Droughts, blackouts, violence, and a pandemic. All these factors have caused us in one way or another to change how and when we move around.
Many of us have stopped going to the places we freely used to visit before. All this has led to us spending more time at home, and spending more time with our families.
The Cape water crisis lasting from 2015 to early 2019 saw our dam levels becoming dangerously low, threatening our water security. This affected the price of goods, reducing available income for leisure and recreation.
Rolling blackouts due to the load shedding of electricity supply meant that many of the malls, stores, and entertainment venues we frequent were unavailable to access during those times. In response to violence associated with organised crime, during July 2019 the SANDF (army) was posted to parts of the Cape Flats for the first time since 1989, during the latter years of apartheid. Rampant levels of violent crime associated with gangsterism made us fearful and restricted our daily movements to what was necessary.
Finally, the emergence and rapid global spread of a new coronavirus in late 2019 (Covid-19) resulted in a quick response where many parts of the world – particularly urban areas – were compelled to endure various forms of enforced lockdown, which we still endure today, and may face in the coming months.
Wow, Cape Town! You’ve been through a lot in the last five years! How did we deal with it all?
We stayed at home (many of us, anyway). But it wasn’t all doom and gloom. Many of our families became closer.
Communities spoke more within themselves, bound together by discussing frustrations and implementing innovative solutions to crises beyond their control. Our previously busy schedules changed; and we spent time collecting water together, planning our washing, bathing and cooking together. Kept a watch of our streets to inform our neighbours, and kept safe by looking after our vulnerable family members during the pandemic. We will never forget these times. In the beginning, each crisis was a novelty. This feeling soon wore off, and then our resilience made us outlast each struggle!
There were other benefits. People started doing home-based hobbies and developed new interests. From TikTok videos to cooking new recipes, from gardening to home repairs, many of us non-essential workers had lots of free time and little to do.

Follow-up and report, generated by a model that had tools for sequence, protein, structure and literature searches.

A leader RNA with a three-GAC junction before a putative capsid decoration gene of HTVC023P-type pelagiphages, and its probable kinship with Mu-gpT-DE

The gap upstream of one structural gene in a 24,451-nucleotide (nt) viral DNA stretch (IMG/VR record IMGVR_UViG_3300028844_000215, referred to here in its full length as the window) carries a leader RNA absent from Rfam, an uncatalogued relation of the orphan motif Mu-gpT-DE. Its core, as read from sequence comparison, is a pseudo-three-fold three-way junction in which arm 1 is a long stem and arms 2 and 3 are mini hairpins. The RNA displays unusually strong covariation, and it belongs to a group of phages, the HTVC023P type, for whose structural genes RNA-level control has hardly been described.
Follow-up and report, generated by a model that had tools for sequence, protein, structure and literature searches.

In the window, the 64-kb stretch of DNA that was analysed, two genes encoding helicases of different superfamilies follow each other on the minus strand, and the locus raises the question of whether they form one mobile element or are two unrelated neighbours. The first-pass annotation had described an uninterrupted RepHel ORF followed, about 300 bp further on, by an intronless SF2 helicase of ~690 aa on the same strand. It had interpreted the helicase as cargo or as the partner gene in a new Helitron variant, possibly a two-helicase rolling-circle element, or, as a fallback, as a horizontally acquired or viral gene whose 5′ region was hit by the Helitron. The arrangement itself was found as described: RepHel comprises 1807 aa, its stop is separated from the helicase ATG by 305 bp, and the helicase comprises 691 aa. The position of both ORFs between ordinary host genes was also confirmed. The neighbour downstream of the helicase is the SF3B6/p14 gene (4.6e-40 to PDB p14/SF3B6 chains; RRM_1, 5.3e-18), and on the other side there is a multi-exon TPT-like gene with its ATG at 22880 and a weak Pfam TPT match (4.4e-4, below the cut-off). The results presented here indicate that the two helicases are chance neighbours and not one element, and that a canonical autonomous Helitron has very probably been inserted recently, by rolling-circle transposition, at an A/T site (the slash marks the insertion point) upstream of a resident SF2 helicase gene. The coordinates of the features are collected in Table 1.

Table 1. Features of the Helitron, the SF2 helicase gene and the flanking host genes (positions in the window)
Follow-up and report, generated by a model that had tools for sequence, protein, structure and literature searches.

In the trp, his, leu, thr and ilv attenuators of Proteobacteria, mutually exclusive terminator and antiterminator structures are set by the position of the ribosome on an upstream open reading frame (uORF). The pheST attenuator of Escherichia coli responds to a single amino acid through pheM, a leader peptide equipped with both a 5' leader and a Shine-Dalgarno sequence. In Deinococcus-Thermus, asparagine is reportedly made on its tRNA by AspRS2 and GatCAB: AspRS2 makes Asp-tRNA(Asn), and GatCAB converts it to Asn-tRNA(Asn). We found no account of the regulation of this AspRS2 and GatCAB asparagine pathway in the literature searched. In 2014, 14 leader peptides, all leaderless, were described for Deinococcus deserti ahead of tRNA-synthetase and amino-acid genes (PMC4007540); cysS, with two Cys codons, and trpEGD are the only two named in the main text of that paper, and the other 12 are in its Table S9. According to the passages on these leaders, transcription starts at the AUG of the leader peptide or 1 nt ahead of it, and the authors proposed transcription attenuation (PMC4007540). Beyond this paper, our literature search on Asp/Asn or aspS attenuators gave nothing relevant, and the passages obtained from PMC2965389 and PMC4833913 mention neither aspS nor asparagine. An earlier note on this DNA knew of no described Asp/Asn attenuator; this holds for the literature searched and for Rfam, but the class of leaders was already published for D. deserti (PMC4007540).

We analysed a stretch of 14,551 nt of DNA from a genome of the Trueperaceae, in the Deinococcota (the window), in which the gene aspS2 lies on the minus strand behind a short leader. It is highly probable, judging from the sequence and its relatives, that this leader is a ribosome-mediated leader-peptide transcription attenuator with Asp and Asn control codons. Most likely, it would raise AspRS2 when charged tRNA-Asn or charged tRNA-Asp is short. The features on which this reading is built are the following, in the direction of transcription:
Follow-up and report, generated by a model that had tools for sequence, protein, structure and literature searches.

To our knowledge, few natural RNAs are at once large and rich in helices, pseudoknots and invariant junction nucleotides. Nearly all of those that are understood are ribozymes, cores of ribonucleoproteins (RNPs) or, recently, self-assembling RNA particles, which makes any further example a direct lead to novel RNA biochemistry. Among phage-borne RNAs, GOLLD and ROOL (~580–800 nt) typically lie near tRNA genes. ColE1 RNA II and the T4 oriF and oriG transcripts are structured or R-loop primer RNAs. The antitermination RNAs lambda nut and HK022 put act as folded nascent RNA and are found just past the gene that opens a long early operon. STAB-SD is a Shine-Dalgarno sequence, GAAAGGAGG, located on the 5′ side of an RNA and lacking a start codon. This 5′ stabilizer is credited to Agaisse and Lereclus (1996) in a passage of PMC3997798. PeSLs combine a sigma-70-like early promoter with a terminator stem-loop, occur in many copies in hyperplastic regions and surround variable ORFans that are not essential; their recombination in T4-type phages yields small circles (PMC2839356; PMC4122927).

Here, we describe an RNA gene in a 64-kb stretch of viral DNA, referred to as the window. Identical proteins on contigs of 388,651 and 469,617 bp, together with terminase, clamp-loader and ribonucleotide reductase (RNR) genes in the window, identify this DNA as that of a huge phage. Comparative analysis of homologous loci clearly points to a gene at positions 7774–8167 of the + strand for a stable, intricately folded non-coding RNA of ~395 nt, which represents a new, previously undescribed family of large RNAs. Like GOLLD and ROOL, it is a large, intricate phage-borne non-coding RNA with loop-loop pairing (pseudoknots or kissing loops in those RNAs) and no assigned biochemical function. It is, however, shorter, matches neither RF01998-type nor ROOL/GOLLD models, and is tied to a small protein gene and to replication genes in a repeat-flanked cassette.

A few people started looking downward, under their very nose, between their feet. Wild plants grew and flowered on our pavements and garden edges, and some wondered what their names were. Birds and goggas we saw our whole lives begged the question: what are you?
As a lifelong nature lover and conservationist, I’ve been visiting open areas for a while and noticed a visible uptick in visitors to these sites as soon as Level 4 lockdown allowed 3-hourly morning exercise allowances. Friends of mine who never had a particular interest or knowledge-based of our local species and ecosystems before had the time (and boredom) which forced them to do something new.
But how do we access the information for the biodiversity around us? How do we find out the name of that blommetjie growing on the pavement? Or that interesting bug under a backlight every night? Books can be expensive – even second-hand ones – and difficult to navigate if one lacks the basic knowledge of looking down at individual organisms.
Almost two years ago, I was introduced to an application called iNaturalist that allowed me to photograph any living organism, from seaweed to crickets, flowering plants to birds, with my mobile phone. I didn’t need any data, but my phone needed to have Google Maps. (I know that this is not within everyone’s reach, but many of the readers of this article may have the technology to use this tool). I can use Wi-Fi where and when I can to upload these images, and a community of experts and local nature-lovers can see your observation, and identify the organism in your photograph.
This means that the landscapes people have seen have so much more meaning. We value the things we find meaningful. But it all starts with knowing, with knowledge. We can use technology in a way which connects us deeply to the natural world by giving access to knowledge to each interested observer, who would otherwise never get to meet those who know.
I hope you’ll join me on this lifelong journey of getting to know our planet. Let’s use the extra time available to us during these crises to enrich our minds. I am certain that once you are armed with this portal to knowledge, you will see the world around you with brand new eyes. Discover the tiny worlds around and beneath you – right under your nose!
more about the author
Glynn Alard holds a career of just over 20 years in the field of nature conservation, ecology and education. He graduated with a BTech degree in Nature Conservation (CPUT), Master of Science degree (Wits) and a Post-Graduate Certificate in Education (UCT). He is registered with the South African Council of Educators and the South African Council of Natural Scientific Professions